Ordinarily, when you’re in love with a person you often feel like you are emotionally dependent on the individual. It’s like you “can’t live without” him or her. Well, research has proven you are indeed dependent (addicted) to your lover. Studies demonstrate being in love is equivalent to being a cocaine addict.
Helen Fisher, Author and Senior Research Fellow at the Kinsey Institute, discovered the brain regions that become active when an individual is addicted to cocaine and other drugs are the same regions that become active when a person is in love. Through brain scanning studies, Fisher observed the nucleus accumbens and the ventral tegmental area (VTA); both are parts of the brain involved in producing and distributing dopamine. Dopamine, a neurotransmitter, is an essential hormone of the brain that is responsible for motivation, moods, focus and a slew of other functions. It is what gives you the focus to desire more of what you love.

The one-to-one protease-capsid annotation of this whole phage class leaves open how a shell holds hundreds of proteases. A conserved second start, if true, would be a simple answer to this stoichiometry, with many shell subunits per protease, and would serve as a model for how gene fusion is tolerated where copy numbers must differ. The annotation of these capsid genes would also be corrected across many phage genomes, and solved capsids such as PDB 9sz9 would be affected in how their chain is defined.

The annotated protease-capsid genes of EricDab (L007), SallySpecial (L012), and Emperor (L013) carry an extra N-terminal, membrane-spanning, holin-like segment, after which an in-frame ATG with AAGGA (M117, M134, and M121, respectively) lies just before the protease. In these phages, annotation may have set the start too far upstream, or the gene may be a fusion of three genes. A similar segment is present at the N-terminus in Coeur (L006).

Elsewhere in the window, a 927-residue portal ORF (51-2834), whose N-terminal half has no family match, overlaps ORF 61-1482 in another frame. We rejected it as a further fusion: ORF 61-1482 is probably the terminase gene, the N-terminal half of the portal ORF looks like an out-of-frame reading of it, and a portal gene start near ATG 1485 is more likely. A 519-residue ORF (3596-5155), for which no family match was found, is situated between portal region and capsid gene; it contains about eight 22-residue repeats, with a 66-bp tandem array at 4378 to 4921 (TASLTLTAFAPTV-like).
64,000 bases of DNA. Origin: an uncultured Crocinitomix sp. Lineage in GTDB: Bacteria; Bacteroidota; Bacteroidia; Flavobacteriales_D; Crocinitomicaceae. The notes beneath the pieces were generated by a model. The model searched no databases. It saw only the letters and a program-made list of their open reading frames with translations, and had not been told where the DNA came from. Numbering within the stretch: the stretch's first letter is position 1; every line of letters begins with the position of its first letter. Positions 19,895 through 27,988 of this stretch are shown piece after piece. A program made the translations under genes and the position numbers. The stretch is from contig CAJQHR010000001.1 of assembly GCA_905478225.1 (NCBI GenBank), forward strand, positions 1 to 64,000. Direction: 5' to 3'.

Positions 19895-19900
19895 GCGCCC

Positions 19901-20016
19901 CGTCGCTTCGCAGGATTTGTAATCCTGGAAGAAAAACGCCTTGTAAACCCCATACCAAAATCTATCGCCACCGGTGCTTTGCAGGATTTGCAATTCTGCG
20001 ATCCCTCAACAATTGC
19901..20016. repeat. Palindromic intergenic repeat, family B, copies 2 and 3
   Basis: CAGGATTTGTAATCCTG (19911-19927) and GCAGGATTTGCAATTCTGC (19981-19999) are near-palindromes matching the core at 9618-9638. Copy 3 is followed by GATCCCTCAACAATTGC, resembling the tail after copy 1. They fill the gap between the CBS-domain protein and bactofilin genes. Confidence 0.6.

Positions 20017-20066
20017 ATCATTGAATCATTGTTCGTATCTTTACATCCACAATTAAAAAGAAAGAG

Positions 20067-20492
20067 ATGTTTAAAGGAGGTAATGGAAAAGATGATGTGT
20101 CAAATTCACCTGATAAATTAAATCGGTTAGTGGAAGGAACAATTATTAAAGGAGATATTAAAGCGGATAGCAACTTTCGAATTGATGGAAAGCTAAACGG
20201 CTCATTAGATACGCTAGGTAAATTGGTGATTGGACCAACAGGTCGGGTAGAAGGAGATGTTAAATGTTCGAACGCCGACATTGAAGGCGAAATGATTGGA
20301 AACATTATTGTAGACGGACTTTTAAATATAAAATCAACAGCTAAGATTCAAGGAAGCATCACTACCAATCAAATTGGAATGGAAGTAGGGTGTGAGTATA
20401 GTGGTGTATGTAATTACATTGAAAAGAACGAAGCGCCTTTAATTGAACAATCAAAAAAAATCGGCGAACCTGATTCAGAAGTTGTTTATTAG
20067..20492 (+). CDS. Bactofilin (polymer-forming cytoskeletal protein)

Like drug addicts, an individual in love can be neurotic, experience personality and behavior changes and in worst-case scenarios may do life-threatening and/or inappropriate things.
In a TED talk, Fisher said, “And indeed, it has all of the characteristics of addiction. You focus on the person, you obsessively think about them, you crave them, you distort reality, your willingness to take enormous risks to win this person. And it’s got the three main characteristics of addiction: tolerance, you need to see them more, and more, and more; withdrawals; and last, relapse.”
Fisher, who is also an anthropology professor at Rutgers University, has now studied more than 75 individuals. Her first major study included 17 young lovebirds. Fisher’s second study observed 15 rejected lovebirds. The third study examined the brains of couples that had been married a minimum of 10 years and maximum of 25 years.
Check out Fisher’s TED talk about the brain in love.